Termination for Cause & Wrongful Dismissal

Have you been let go “without cause?”

Wrongful dismissal is when the employer lets a person go without cause and refuses to provide notice or termination pay. This is against the law. 

However, as long as the employer gives notice or termination pay, they can let a person go for any reason or no reason as long as it’s not discriminatory.

If you have been offered a severance package, don’t sign until you’ve had the offer reviewed by a lawyer. Click here to learn what you need to know.

Bear in mind that The Ministry of Labour can only enforce the minimum an employer must provide. The common law on the other hand, with the help of our lawyers, can potentially award you many months of severance pay vs. a few weeks.

 

Have you been let go “with cause?”

“With cause” is when you’ve been let go and your employer doesn’t give you notice or termination pay. 

You can fight this and claim “wrongful dismissal”.

Thankfully, the odds of fighting it and winning are very much in your favour. Even if you’ve stepped out of line, most employers lose. It’s very, very hard for employers to prove ‘just cause’ and not pay you any termination pay or severance.

Also, if the employer is shown to have acted in bad faith to avoid paying termination pay, you can sue them and be awarded “aggravated damages” to compensate you in addition to your severance pay.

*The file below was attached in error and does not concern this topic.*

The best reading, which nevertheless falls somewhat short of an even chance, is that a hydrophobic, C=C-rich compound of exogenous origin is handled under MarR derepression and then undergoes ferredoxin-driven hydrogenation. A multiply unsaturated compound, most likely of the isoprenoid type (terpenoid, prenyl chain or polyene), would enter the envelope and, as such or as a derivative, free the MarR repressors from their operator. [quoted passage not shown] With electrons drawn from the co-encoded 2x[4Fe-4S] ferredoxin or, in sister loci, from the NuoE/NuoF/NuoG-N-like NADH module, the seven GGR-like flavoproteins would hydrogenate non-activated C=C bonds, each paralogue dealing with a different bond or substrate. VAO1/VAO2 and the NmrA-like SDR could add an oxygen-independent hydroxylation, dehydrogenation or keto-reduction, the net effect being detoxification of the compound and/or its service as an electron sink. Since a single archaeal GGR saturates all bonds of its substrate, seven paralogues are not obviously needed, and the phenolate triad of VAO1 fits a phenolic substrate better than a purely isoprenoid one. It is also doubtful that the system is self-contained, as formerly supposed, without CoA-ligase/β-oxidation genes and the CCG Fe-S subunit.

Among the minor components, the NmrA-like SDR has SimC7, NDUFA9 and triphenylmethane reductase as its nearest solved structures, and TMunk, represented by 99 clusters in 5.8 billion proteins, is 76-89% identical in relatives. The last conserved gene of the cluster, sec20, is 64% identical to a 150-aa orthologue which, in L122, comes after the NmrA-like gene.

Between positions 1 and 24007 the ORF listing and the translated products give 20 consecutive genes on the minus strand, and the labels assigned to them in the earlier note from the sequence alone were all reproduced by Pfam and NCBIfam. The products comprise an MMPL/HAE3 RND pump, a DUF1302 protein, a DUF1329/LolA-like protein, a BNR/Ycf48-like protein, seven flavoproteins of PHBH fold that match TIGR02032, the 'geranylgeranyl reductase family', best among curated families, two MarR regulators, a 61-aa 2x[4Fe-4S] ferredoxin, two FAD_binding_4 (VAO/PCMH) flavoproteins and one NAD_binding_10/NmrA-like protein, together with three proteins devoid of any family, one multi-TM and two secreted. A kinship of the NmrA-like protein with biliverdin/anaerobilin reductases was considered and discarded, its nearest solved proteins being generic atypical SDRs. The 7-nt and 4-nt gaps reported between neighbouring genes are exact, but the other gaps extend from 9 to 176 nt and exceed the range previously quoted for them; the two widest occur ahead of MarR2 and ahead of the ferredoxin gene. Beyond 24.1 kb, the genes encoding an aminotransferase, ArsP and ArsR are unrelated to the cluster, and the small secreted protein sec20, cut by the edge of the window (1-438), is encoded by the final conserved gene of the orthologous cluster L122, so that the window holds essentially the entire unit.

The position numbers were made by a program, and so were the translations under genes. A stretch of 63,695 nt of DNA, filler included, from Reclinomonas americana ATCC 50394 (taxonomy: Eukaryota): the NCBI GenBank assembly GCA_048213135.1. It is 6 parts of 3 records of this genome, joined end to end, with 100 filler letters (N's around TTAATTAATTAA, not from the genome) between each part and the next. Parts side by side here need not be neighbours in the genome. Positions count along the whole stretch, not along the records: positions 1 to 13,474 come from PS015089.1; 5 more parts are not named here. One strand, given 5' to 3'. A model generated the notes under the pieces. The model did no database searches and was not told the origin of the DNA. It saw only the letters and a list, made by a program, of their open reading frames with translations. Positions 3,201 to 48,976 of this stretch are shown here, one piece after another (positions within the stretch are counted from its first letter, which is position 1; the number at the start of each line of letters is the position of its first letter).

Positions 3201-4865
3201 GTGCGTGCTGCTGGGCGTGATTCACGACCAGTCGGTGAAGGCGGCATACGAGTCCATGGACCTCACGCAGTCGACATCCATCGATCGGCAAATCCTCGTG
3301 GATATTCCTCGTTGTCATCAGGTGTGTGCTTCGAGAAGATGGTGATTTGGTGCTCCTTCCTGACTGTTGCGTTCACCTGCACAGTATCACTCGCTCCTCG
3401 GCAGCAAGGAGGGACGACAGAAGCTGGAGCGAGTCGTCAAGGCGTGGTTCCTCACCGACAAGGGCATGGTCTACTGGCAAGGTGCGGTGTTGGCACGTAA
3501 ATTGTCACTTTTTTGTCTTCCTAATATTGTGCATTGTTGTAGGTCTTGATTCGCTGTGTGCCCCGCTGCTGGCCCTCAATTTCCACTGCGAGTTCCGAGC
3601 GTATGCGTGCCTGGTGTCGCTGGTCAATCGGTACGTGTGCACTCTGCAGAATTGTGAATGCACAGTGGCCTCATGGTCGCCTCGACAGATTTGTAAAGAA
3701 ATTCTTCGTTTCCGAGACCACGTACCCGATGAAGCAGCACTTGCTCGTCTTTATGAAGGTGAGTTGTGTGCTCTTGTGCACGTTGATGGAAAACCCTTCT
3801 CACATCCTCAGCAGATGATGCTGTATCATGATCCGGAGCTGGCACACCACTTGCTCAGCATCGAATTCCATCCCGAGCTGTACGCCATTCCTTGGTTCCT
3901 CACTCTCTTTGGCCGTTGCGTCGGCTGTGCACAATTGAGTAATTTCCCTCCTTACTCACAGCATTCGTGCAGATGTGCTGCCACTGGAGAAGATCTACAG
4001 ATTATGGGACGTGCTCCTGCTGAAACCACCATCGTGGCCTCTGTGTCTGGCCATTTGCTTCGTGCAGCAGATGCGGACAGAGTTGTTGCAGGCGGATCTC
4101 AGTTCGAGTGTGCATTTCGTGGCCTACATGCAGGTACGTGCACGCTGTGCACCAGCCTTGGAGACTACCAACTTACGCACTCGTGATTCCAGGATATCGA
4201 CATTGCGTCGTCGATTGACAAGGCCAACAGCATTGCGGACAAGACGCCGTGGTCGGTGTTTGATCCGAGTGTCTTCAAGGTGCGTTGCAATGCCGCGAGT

FAQS

A reasonable severance package in Canada varies substantially based on the circumstances of the employee. While there are many factors which can contribute to the calculation of a reasonable package, there are common factors which are typically considered, known as the Bardal factors.

Employees can try to negotiate alone, but almost always, a lawyer can get them more. Seeking the advice of an experienced employment lawyer helps a dismissed employee understand whether the severance package they are offered is reasonable in comparison with what a judge will likely give them.

An employment lawyer is likely in the best position to assess the appropriate severance package of an employee who has been let go. A good lawyer will know how and when to negotiate, and when to initiate a Statement of Claim to get defendants to pay you through settlement or a court order.

Yes – having your employment terminated by your employer is the same as being fired or let go. A termination of employment is either with or without cause, which affects whether or not you are entitled to termination pay. Sometimes employers try to claim that a termination is for cause when it is not. Wrongful dismissal is when an employee is told they are in fact fired or dismissed.

As an employee, if your employment is terminated without cause – that is, through no fault of your own, you are entitled to termination pay, or common law reasonable notice or pay in lieu. If you are an employee and have been terminated, contact an experienced employment lawyer to help assess your case.

In Ontario, employers are able to dismiss an employee without reason – as long as the reason is not related to Human Rights. Employers have to provide the appropriate amount of notice or termination pay to the dismissed employee. The appropriate amount of notice will largely depend on the employment agreement if applicable, and if not, on common law reasonable notice.